Eye-Catching Videos Show the Beauty of Chemical Reactions

BEAUTY OF SCIENCE, Vimeo
BEAUTY OF SCIENCE, Vimeo

For those of us with only a passing high-school knowledge of chemistry, the scientific discipline can feel pretty abstract. But new online film series Envisioning Chemistry brings chemical reactions to life as works of art, visualizing chemistry in high resolution.

Created through a collaboration between the science visualization studio Beauty of Science and the Chinese Chemical Society, the series is a follow-up to Beautiful Chemistry, a 2014 project that included video of chemical reactions, animations, illustrations, and diagrams to visualize the history and practice of chemistry.

The images in Envisioning Chemistry were made using “high-resolution microscopes, infrared thermal imaging cameras, high-speed cameras, and 4K Ultra HD cameras, to reveal beauty of chemical reactions like never before,” according to the project’s website.

Envisioning Chemistry is designed as a teaching tool, so each of the films also has an associated worksheet so that teachers can use them in the classroom. There are 15 films total, and the creators hope to add more in the future.

The films explore chemistry topics like precipitation reactions, metal displacement, and electrodeposition, using elemental metals like copper, tin, lead, and zinc. “If you think you know what metals look like, well, think again!” as one video warns. By the end of the films, you may even know what words like electrodeposition mean.

Envisioning Chemistry Collection I: Beauty of Chemistry from Beauty of Science on Vimeo.

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Andrea Piacquadio / Pexels.com
Andrea Piacquadio / Pexels.com

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The Reason Some People Never Return Shopping Carts, According to Science

Abandoned shopping carts could be a sign of social dysfunction.
Abandoned shopping carts could be a sign of social dysfunction.
adisa/iStock via Getty Images

On the spectrum of aberrant behavior, leaving a shopping cart in the middle of a parking space doesn’t quite rise to the level of homicide. But poor cart etiquette is nonetheless a breakdown of the social fabric, one in which some consumers express little regard for others by failing to return a cart to its proper place. Why does this happen?

In a piece for Scientific American, Krystal D’Costa examined some plausible reasons why shoppers avoid the cart receptacle. It might be too far from where they parked, they might have a child that makes returning it difficult, the weather might be bad, or they might have physical limitations that make returning it challenging. Alternately, they may simply believe it’s the job of the supermarket or store employee to fetch their used cart.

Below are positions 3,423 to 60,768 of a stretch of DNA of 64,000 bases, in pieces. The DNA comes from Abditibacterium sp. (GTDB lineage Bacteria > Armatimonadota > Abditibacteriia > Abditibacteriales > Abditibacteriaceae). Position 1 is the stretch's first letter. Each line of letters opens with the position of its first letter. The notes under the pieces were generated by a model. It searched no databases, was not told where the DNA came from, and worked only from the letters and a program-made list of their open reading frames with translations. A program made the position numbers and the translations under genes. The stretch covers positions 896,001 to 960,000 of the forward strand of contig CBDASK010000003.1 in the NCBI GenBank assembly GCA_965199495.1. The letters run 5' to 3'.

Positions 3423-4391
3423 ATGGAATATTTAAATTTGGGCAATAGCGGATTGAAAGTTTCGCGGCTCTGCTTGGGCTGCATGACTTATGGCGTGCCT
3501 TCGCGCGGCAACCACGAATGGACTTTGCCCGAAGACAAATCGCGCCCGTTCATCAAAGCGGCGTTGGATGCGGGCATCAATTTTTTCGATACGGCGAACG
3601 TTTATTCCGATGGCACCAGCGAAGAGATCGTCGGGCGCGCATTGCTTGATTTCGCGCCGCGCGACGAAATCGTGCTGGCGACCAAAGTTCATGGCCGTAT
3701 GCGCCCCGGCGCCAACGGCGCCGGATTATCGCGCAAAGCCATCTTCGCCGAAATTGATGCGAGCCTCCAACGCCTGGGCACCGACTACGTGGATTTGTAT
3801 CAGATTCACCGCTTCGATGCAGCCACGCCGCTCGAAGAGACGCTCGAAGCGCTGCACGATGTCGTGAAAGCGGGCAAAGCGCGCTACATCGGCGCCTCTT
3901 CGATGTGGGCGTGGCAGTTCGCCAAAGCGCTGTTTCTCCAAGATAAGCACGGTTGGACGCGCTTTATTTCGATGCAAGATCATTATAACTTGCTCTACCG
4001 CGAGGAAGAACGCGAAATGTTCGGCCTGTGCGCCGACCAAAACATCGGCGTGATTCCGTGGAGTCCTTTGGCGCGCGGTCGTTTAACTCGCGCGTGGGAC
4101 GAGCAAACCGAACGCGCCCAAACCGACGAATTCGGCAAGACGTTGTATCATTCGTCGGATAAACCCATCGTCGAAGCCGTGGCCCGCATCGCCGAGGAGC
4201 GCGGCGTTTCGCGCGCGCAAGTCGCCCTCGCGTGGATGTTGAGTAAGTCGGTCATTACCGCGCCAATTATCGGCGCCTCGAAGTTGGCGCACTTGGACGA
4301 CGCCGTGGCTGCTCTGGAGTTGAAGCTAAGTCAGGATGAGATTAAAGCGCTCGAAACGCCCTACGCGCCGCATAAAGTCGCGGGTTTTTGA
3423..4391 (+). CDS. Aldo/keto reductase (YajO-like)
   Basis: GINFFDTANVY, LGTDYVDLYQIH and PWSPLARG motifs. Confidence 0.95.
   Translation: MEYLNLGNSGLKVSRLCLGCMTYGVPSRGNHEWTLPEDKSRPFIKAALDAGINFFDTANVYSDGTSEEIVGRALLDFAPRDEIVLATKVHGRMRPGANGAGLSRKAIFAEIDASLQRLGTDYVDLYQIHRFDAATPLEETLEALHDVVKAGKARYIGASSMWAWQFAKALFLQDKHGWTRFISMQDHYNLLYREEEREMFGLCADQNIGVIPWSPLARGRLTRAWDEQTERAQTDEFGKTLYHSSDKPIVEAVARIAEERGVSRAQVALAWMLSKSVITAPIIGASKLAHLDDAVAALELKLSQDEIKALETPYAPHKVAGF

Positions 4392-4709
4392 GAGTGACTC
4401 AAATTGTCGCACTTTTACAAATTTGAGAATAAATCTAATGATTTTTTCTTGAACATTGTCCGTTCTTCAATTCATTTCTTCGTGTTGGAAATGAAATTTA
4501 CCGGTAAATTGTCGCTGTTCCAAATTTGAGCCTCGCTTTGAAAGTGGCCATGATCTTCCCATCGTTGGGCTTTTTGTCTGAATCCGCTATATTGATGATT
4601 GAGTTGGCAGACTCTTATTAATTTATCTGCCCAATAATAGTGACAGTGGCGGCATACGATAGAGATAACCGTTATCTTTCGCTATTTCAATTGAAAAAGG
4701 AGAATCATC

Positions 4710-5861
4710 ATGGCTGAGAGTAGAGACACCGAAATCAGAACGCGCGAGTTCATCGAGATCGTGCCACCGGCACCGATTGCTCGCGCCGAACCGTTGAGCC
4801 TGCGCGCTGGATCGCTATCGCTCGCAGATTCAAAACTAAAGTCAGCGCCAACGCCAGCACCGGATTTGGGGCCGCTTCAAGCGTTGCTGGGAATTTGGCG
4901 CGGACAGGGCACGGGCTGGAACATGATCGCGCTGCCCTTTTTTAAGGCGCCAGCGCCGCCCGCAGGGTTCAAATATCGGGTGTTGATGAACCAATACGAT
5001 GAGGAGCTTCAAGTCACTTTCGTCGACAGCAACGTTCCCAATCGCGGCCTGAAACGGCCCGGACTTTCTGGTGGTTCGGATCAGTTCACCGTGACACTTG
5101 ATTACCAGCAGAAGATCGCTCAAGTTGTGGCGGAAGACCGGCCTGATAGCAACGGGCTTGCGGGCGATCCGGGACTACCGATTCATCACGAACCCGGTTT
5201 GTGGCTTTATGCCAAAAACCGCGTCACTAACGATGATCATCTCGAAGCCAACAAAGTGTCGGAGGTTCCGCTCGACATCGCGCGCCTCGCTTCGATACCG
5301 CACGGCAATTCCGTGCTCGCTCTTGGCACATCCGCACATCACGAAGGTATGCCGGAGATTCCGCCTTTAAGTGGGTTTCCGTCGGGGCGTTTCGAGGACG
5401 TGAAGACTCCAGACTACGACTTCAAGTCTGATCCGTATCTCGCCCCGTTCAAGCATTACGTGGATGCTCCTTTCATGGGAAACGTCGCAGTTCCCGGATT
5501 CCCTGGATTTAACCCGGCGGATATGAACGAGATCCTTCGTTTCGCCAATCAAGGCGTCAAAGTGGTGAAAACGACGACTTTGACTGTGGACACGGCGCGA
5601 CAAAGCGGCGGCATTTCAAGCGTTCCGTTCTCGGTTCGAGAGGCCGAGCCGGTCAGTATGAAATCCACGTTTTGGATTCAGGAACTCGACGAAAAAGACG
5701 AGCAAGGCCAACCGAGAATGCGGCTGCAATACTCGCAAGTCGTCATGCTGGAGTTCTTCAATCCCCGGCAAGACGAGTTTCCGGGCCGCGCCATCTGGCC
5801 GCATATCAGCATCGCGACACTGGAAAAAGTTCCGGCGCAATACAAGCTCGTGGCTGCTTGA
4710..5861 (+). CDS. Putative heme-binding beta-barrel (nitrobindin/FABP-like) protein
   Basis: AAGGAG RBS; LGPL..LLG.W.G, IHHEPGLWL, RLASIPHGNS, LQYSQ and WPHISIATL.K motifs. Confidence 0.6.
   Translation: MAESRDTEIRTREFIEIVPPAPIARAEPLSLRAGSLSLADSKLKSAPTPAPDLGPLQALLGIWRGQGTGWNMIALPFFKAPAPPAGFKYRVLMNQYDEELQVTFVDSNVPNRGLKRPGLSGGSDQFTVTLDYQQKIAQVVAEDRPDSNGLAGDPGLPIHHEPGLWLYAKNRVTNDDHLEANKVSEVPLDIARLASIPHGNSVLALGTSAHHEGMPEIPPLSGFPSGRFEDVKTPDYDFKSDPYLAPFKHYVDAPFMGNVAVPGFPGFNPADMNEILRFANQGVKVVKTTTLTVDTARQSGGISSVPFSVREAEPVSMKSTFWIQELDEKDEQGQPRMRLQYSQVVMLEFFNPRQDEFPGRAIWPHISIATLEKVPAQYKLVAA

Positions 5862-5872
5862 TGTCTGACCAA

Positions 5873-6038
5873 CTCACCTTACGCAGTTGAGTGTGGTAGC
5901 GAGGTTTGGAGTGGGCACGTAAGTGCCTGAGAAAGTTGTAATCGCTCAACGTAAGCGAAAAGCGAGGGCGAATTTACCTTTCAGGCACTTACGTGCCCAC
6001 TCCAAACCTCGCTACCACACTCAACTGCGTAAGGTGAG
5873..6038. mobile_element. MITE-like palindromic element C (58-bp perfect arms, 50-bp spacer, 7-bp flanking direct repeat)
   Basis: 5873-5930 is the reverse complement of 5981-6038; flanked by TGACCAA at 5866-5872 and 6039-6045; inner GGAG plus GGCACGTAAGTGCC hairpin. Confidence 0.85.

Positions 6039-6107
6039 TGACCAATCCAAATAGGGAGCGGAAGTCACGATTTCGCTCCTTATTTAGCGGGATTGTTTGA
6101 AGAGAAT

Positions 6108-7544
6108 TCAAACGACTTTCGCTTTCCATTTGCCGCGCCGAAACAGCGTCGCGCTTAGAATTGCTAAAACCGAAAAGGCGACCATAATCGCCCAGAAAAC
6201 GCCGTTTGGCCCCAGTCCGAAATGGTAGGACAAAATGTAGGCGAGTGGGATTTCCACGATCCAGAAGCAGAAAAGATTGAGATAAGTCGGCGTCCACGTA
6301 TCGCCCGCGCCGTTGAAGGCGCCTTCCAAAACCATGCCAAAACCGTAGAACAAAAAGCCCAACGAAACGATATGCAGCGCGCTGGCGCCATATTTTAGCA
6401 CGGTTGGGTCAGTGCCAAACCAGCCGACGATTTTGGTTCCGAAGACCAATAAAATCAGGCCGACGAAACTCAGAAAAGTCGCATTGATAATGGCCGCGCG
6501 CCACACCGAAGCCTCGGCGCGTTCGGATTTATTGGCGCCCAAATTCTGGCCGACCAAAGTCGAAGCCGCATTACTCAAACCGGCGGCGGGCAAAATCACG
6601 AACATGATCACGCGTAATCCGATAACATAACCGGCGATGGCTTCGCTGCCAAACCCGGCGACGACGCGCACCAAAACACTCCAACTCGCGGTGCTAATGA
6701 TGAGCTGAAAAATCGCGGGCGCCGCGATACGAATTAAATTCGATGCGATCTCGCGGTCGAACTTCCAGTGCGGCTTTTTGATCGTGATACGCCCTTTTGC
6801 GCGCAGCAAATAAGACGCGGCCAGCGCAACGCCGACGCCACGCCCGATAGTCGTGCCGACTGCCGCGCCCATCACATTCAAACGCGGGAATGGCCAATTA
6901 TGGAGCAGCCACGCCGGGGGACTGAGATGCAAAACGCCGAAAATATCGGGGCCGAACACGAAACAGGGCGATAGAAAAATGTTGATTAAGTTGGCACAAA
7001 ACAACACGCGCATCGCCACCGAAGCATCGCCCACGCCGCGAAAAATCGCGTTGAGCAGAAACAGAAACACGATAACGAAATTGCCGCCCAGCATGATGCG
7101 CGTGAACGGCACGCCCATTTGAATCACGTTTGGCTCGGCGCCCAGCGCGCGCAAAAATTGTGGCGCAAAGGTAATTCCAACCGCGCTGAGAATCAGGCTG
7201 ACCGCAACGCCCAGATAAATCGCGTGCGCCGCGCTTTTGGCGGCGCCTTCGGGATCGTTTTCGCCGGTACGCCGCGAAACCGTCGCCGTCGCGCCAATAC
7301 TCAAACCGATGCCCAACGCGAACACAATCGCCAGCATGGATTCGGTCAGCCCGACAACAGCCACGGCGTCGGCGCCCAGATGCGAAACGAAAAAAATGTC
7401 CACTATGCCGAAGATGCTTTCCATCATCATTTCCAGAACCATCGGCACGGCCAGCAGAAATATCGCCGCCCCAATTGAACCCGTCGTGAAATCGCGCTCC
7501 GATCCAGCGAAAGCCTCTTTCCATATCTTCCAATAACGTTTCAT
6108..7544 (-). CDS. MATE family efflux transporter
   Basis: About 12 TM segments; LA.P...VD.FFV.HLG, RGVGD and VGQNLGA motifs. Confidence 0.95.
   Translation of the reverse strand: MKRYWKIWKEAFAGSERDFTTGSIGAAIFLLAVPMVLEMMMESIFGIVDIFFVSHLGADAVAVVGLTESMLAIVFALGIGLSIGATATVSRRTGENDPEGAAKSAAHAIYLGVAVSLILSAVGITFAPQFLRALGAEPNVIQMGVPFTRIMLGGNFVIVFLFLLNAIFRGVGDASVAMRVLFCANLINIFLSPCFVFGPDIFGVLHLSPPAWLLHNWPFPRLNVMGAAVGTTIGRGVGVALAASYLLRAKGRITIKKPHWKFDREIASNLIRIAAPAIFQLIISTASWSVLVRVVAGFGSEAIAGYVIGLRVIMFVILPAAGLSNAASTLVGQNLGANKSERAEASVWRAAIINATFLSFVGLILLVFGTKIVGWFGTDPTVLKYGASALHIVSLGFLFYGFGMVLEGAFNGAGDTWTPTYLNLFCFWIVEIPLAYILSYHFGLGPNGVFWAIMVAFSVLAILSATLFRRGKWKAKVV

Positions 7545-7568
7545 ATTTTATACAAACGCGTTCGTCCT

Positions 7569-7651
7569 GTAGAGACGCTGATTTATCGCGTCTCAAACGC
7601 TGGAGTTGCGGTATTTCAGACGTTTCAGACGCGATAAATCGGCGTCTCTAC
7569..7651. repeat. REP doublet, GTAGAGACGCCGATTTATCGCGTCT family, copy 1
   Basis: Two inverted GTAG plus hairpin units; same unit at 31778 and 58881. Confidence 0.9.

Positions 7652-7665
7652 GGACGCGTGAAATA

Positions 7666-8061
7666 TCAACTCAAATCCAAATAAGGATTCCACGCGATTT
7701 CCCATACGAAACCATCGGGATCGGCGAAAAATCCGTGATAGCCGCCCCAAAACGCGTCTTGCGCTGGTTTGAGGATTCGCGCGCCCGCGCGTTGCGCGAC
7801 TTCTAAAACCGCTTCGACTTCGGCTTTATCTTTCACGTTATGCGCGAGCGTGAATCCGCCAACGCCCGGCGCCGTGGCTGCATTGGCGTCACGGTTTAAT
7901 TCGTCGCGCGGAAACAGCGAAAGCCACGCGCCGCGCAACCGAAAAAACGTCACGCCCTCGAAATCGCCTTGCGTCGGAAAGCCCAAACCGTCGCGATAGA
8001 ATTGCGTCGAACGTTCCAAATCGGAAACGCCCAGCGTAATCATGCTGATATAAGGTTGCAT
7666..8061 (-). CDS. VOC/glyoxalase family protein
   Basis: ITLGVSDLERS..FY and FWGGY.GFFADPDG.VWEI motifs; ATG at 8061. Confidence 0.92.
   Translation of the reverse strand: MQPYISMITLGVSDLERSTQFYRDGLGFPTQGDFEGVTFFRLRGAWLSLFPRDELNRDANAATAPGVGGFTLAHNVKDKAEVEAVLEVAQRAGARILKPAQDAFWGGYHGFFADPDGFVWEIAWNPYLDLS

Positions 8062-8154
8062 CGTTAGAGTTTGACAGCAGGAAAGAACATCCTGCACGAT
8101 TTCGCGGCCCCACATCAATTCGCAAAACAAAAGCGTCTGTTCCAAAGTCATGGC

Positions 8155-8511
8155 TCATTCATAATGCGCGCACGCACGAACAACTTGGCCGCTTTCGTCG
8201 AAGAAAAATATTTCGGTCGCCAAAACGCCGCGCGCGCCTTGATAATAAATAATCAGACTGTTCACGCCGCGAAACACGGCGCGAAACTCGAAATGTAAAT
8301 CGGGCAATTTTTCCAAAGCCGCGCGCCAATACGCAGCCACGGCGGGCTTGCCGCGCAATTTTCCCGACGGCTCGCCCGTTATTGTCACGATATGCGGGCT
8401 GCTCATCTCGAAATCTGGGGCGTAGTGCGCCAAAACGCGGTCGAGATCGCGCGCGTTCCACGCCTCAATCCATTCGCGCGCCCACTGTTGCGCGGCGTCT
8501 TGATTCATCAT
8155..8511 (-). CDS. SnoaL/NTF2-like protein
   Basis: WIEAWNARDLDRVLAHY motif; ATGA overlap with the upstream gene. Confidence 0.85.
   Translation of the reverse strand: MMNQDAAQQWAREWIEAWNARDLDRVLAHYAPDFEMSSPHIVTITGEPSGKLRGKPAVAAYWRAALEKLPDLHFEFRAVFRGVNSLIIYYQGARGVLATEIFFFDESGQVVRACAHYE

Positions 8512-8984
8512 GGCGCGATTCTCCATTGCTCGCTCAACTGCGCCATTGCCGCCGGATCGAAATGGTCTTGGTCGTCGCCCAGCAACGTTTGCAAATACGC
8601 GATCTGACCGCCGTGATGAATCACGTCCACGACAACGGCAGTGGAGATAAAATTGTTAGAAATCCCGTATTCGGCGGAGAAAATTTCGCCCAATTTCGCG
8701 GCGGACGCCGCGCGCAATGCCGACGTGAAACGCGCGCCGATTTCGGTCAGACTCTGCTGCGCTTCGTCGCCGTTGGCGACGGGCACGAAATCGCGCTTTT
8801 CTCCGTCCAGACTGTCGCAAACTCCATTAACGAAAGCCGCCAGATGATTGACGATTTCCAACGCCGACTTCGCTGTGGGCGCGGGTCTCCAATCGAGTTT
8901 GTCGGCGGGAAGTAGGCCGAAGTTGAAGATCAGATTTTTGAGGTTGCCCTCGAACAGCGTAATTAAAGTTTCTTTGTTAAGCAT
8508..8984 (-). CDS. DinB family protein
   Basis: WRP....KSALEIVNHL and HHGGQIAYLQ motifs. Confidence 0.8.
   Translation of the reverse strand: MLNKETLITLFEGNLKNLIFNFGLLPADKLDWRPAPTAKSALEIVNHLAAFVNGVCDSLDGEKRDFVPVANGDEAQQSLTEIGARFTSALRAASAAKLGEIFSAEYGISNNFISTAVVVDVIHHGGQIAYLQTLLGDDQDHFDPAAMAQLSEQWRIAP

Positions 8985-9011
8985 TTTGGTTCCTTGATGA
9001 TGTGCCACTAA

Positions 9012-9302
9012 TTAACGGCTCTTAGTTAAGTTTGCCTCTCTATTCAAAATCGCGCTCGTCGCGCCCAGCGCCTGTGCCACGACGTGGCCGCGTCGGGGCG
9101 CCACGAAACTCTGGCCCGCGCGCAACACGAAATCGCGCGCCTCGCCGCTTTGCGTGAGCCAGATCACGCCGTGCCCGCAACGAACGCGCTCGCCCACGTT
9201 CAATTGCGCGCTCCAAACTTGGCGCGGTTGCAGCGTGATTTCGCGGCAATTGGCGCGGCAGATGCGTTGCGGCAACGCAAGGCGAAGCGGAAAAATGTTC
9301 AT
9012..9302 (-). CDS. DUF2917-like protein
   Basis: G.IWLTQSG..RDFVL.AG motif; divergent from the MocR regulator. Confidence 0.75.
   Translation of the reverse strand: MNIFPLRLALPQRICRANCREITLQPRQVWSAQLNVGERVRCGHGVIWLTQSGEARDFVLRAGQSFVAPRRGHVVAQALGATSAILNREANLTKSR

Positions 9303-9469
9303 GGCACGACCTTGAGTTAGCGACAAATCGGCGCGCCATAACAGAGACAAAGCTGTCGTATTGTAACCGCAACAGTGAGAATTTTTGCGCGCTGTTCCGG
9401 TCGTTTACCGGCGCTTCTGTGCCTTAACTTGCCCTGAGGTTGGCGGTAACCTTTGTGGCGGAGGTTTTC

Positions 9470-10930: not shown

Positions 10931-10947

According to D’Costa, cart returners might be motivated by social pressure—they fear a disapproving glance from others—or precedent. If no other carts have been tossed aside, they don’t want to be first.

People who are goal-driven aren’t necessarily concerned with such factors. Their desire to get home, remain with their child, or stay dry overrides societal guidelines.

Ignoring those norms if a person feels they’re not alone in doing so was examined in a study [PDF] published in the journal Science in 2008. In the experiment, researchers observed two alleys where bicycles were parked. Both alleys had signs posted prohibiting graffiti. Despite the sign, one of them had markings on the surfaces. Researchers then stuck a flyer to the bicycle handles to see how riders would react. In the alley with graffiti, 69 percent threw it aside or stuck it on another bicycle. In the alley with no graffiti, only 33 percent of the subjects littered. The lesson? People might be more likely to abandon social order if the environment surrounding them is already exhibiting signs of neglect.

In another experiment, researchers performed the flyer trial with a parking lot that had carts organized and carts scattered around at separate times. When carts were everywhere, 58 percent of people left the flyers on the ground compared to 30 percent when the carts were cared for.

Social examples are clearly influential. The more people return carts, the more likely others will do the same. There will, of course, be outliers. Some readers wrote to D’Costa following her first piece to state that they didn’t return carts in order to keep store workers busy and gainfully employed, ignoring the fact that the primary function of those staff members is to get the carts from the receptacle and back to the store. It’s also rarely their primary job.

Until returning carts becomes universally-accepted behavior, random carts will remain a fixture of parking lots. And ALDI will continue charging a quarter deposit to grab one.  

[h/t Scientific American]